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Weeping Willie

Edward George Dyson 1865 (Ballarat, Victoria) – 1931 (Saint Kilda, Melbourne, Victoria)

Whey our trooper hit wide water every
heart was yearin' back
To the little 'ouse at Coogee or a hut at Bar-
She was 'ookin' up to spike the stars, or rootin'
in the wave,
An' me liver turned a hand spring with each
buck the beggar gave.
Then we pulls a sick 'n' silly smile 'n' tips a
saucy lid,
Crackin' hardy. Willie didn't. Willie
snivelled like a kid.

At Gallip' the steamer dumped us, 'n' we got
right down to work,
Whoopin' up the hill splendacious, playin'
tiggie with the Turk.
When the stinkin' Abdul hit us we curled
down upon a stone,
'N' we yelled for greater glory, crackin' 'ardy
on our own.
Not so Willie. He was cursin', cold ez death
'n' grey ez steel,
'N' the smallest thing that busted made the
little blighter squeal.

In the bitter day's that follered, spillin' life be-
side the sea,
We would fake a spry expression for the things
that had to be,
Always dressin' up the winder, crackin' 'ardy
though we felt
Fearful creepy in the whiskers, very cold be-
neath the belt.
But his jills would sniff 'n' shiver in the mother
of a fright,
'N' go blubberin' 'n' quakin' out to waller in
the fight.

In the West we liked the weather, 'n' we fat-
tened in the mud,
Crackin' 'ardy, stewed together, rats an'
slurry men 'n' blood.
Weepin' Willie wouldn't have it these was
pleasin' things abed,
'N' he shuddered in his shimmy if they passed
him with the dead.
When he cried about his mother, in a gentle
voice he'd tell
Them as dumb-well didn't like it they could go
to sudden 'ell.

There was nothin' sweet for Willie in a rough-
up in the wet;
But if all things scared him purple, not a thing
had stopped him yet.
If some chaps was wanted urgent special dirty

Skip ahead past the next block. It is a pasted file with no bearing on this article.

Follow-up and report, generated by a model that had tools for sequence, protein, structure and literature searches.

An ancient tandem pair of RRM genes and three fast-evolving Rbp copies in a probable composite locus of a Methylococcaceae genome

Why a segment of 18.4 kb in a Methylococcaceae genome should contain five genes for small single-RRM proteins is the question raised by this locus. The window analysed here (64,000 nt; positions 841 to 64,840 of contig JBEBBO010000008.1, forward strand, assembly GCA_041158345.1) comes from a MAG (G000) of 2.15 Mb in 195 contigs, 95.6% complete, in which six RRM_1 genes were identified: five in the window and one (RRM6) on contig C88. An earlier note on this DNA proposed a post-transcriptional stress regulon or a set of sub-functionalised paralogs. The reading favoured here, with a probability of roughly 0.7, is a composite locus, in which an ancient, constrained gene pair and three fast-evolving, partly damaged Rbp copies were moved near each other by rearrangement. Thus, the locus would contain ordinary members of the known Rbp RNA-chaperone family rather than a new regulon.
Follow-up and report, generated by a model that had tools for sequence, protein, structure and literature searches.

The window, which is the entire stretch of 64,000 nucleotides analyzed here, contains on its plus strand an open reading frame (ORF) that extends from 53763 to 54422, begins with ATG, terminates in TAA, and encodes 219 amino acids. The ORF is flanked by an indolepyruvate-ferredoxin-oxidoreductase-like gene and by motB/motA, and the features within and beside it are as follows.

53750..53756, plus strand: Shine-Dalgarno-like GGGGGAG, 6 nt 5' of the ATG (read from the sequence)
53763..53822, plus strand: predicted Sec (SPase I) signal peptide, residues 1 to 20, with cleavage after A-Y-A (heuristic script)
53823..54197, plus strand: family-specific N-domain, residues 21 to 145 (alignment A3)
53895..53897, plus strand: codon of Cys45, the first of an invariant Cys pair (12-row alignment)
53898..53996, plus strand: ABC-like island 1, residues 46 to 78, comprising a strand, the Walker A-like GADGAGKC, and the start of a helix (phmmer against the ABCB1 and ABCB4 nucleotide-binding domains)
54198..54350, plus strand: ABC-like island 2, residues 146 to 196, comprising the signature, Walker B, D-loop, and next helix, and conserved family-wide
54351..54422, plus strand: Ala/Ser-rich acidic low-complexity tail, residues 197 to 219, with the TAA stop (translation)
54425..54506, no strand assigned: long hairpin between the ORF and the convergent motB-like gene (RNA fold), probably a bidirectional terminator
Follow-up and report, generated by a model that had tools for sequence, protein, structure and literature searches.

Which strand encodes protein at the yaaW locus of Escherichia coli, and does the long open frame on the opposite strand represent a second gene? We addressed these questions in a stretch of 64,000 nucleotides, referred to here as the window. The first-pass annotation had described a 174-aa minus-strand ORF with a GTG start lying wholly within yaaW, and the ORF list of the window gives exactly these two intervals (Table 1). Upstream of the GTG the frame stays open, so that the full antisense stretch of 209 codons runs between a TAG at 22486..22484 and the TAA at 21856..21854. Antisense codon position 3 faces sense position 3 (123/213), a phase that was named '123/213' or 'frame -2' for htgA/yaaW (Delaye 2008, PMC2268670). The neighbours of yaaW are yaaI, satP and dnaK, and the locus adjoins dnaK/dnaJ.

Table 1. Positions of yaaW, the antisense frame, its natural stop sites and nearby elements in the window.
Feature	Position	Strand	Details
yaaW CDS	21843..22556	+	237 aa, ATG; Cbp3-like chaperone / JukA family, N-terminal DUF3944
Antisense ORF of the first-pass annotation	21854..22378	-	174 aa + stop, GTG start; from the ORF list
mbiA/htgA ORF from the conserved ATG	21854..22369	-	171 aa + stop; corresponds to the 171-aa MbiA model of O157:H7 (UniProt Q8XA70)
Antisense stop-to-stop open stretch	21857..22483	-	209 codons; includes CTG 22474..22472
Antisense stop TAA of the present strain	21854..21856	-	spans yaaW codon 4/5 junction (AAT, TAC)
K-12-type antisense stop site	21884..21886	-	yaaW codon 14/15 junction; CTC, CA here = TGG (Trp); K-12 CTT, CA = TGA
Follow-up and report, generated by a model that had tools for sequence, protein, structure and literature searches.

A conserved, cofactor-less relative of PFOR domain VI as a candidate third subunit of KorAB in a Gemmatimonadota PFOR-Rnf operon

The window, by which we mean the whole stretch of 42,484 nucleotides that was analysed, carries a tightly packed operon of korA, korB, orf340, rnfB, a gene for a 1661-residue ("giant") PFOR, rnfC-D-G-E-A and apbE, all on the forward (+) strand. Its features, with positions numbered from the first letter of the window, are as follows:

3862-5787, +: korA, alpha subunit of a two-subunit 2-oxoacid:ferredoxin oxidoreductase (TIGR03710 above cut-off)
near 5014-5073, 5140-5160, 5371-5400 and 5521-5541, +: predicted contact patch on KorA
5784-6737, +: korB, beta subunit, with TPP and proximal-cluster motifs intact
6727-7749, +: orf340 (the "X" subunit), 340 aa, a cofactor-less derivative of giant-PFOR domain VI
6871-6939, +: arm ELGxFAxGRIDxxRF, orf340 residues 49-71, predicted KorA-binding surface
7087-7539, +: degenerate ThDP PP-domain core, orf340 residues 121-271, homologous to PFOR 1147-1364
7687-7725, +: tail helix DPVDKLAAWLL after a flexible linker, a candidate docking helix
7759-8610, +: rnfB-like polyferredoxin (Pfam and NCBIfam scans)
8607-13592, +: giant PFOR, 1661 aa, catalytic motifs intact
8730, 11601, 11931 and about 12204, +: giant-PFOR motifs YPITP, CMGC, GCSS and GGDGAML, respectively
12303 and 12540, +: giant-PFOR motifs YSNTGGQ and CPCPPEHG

work to do
Willie went in with a shudder, but he alwiz
saw it through.
Oh, a busy little body was our Willie in a
Then he'd cry out in the night about the faces
in the slush.

Well they pinked him one fine mornin' with
a thumpin' 'unk iv shell;
Put it in 'n' all across him. What he was
you couldn't tell.
I saw him stitched 'n' mended where he
whimpered in his bed,
'N' he'd on'y lived because he was afraid to
die, he said.
Sez he “Struth, they're out there fightin',
trimmin' Boshes good 'n' smart,
While I'm bedded here 'n' 'elpless. It fair
breaks a feller's 'eart.”

But he came again last Tuesday '-n' we go it
in a breath—
“London's big 'n' black 'n' noisy. It would
scare a bloke to death.”
He's away now in the trenches, white 'n'
nervous, but, you bet,
Playin' lovely 'ands of poker with his busy
'Fraid of givin' 'n' of takin', 'fraid of gases,
'fraid of guns—
But a champion lightweight terror to the gor-
forsaken 'Uns!

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Submitted on May 13, 2011

2:35 min read

Edward George Dyson

Edward George Dyson, or 'Ted' Dyson, was an Australian journalist, poet, playwright and short story writer. He was the elder brother of illustrators Will Dyson (1880–1938) and Ambrose Dyson (1876–1913), with three sisters also of artistic and literary praise. Dyson wrote under several – some say many – nom-de-plumes, including Silas Snell. In his day, the period of Australia's federation, the poet and writer was 'ranked very closely to Australia's greatest short-story writer, Henry Lawson'. With Lawson known as the 'swagman poet', Ogilvie the 'horseman poet', Dyson was the 'mining poet'. Although known as a freelance writer, he was also considered part of The Bulletin writer group. more…

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